posted on August 27, 2012 |
| 3998 views
The term “value-added” is certainly over used in all matters of business, whether or delivering a Venti latte at corner bistro or on the latest client proposal. I’ll even go so far to label it as a cliché.
Despite the over use, it’s still an important concept and one that you need to come to grips with in your actions every day and on everything you do. Webster defines it this way: an enhancement to a product or service that increases its value to customers. Based on this statement, the key questions you need to be asking, and asking often, are:
Who’s the client or recipient of the end result? Why do they need it?
What am I doing that provides value to this effort? How can I increase it 5x?
What happens if my involvement in the process/task goes away? Does anyone notice?
These are simple questions. But how often do you actually ask them in connection with what you are doing? Let’s say you’re investing hours and brain cells on a set of plans for a project that a client will never build...value added or subtracted to your firm? How about applying this to watching TV...value added or subtracted to you, your most important client?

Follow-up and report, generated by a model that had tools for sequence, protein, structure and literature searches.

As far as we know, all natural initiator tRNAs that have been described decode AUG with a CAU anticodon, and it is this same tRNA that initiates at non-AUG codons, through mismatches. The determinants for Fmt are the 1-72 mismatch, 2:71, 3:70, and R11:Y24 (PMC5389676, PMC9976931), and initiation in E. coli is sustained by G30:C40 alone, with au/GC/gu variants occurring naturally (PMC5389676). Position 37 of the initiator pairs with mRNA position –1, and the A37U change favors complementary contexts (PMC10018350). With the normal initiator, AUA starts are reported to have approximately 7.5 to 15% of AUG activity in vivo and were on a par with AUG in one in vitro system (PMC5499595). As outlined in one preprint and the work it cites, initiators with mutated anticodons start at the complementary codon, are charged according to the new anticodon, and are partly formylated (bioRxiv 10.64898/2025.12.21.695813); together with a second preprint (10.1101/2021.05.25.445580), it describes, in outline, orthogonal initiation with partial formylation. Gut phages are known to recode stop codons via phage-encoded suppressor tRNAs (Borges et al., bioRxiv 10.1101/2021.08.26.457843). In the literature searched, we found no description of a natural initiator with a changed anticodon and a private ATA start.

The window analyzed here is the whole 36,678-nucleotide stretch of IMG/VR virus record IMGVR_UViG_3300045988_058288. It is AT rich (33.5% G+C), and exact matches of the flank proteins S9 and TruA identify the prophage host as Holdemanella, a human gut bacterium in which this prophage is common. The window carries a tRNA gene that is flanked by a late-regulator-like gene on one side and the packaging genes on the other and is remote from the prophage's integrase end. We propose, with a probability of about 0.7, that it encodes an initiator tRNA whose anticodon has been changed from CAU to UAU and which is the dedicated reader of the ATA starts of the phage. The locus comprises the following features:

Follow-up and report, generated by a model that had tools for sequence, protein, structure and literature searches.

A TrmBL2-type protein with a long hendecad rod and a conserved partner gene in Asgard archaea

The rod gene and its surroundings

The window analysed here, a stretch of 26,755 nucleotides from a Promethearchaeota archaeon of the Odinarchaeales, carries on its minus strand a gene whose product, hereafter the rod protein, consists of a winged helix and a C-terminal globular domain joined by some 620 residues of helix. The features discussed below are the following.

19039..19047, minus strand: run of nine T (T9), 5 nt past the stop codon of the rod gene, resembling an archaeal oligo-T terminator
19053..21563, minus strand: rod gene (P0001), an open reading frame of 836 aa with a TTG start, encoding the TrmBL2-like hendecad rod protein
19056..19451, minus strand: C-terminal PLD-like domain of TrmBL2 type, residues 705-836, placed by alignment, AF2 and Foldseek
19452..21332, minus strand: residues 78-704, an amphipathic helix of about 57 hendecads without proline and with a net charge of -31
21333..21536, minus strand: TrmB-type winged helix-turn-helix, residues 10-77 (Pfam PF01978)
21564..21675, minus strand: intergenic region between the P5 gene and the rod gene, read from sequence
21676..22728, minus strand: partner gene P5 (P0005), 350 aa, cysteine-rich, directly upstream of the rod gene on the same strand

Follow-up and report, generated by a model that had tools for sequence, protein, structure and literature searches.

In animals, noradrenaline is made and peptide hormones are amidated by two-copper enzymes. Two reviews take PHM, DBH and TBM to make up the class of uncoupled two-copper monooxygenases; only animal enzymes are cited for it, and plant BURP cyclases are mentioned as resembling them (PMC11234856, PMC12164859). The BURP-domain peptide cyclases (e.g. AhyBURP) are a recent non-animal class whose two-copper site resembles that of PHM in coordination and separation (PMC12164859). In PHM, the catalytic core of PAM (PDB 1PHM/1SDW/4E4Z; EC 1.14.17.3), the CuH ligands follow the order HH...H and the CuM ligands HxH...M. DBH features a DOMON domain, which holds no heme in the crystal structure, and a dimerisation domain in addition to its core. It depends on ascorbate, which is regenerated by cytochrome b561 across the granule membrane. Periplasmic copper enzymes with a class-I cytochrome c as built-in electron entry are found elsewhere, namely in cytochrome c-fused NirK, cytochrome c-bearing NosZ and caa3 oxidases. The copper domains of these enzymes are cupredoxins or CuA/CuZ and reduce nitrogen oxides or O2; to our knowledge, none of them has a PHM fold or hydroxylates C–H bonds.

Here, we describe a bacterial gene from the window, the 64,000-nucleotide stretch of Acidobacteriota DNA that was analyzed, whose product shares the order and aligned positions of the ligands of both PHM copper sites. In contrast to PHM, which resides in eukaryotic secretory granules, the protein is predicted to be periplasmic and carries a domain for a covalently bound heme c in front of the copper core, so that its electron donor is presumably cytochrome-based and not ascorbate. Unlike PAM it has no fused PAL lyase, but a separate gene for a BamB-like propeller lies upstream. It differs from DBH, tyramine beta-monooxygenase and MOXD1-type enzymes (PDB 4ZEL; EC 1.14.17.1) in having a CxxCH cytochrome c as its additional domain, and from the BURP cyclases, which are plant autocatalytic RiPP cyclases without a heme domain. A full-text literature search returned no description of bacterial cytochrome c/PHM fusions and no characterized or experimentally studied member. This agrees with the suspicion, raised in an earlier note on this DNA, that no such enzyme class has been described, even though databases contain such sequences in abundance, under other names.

As you begin to ask these questions repeatedly in each of your projects or undertakings you will identify:
1. Some that can go away.
2. Some that are generating value and in which you are adding value.
3. Some that are generating value and where you are not adding value.
Eliminate those actions in category #1today and use the time to focus your energy on brining yourself up to par in category three. Why are you not adding value? Lack of motivation, lack of direction, or lack of knowledge/skill?
As a final note, all of us “work” to meet someone else’s expectations. Even those people who are self-employed or business owners work for someone else. Therefore it’s vitally important to understand your client’s expectations and ensure your definition of a value-added performance incorporates your client’s expectations. Otherwise you may believe you’re providing added value when in fact, you’re not.
“Strive not to be a success, but rather to be of value.” Albert Einstein
Christian Knutson, P.E., PMP is a leader, civil engineer, and author. He’s an accomplished professional specializing in A/E/C work internationally and author of The Engineer Leader, a recognized blog on leadership and life success for engineers and professionals.